Hold up – are you sure this is a gaming headset?
It’s tough to believe, on account of the subtle colours and lack of bright lights, but yep – Logitech’s G533 wireless headset is aimed squarely at gamers.
It wouldn’t look out of place next to a hipster’s turntable or audiophile’s AV amp. Well ok, maybe that flip-down boom microphone would raise an eyebrow, but otherwise this is about as restrained as gaming headsets get.
OK it gets style points, but still probably sounds like pap, right?
Hold yer horses, sound snobs. Logitech has crammed in some Pro-G speaker drivers, which it reckons deliver the same kind of sonic kick you’ll find in a pair of high-end stereo cans.
Forget bass-heavy booms and muddling mids – you should be able to keep these cans on your head when you switch from Tekken to techno. Or whatever kind of music floats your boat, I guess.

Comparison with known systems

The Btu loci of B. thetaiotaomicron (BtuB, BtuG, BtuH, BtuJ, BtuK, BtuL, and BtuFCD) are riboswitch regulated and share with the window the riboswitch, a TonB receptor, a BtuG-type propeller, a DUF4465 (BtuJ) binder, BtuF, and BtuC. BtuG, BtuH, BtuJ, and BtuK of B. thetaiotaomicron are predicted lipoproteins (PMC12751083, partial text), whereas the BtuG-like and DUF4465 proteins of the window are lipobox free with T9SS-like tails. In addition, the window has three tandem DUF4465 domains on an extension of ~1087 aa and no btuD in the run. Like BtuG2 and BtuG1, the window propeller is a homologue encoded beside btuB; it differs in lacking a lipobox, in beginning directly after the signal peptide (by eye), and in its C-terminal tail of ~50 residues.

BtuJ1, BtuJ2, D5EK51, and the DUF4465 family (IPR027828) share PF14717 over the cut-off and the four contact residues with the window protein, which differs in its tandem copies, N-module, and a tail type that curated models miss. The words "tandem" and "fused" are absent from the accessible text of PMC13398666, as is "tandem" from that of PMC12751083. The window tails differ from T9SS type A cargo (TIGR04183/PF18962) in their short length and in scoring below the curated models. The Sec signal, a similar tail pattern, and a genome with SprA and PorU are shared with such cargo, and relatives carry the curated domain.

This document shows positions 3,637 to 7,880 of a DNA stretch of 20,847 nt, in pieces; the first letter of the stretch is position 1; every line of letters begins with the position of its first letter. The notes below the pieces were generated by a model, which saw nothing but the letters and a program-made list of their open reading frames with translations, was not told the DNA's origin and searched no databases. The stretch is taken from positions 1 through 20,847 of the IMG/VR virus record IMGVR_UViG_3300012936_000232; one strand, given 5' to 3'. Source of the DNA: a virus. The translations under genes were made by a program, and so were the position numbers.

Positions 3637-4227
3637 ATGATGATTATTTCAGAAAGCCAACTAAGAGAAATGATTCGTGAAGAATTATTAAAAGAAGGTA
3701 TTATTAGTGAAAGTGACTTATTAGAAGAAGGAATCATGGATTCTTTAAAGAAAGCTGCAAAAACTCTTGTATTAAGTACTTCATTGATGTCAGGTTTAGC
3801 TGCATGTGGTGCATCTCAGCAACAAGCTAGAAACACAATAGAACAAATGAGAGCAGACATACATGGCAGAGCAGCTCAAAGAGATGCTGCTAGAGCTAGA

It’s got 7.1 surround sound, courtesy of DTS: Headphone:X, so it should immerse you in movies and TV shows too.
Does the mic match up to the music?
If noise cancelling and EQ tuning tick your boxes, then yep. It’s a flip-out boom mic, so you can hide it when you’re gaming solo, then flip it down for some co-op or multiplayer carnage.
There’s even a built-in pop filter, so your frantic instructions and improvised planning are still crystal clear for your teammates.
Cutting the cord, though – not exactly gamer-friendly though, is it?
Normally, that’d be true – wireless adds lag, and lag gets you killed in whatever burly macho gun-fest game you happen to be playing. That won’t happen here, though.
You’ll get a solid signal for up to 15m from the USB dongle, and it’s good for virtually no lag between headset and PC, too.
The rechargeable, replaceable batteries should last around 15 hours between charges as well – longer than any marathon gaming session (or one that’s healthy, anyway).
How much to get one wrapped around my ears, then?
Cutting the cable tends to jack the price up a bit, so you’ll have to shell out £140 to get a pair of G533s. That’s not actually a bad price if those sound quality claims hold up, though.
They’ll be launching in early 2017, and we’re hoping to get an early listen later this week once CES officially kicks off.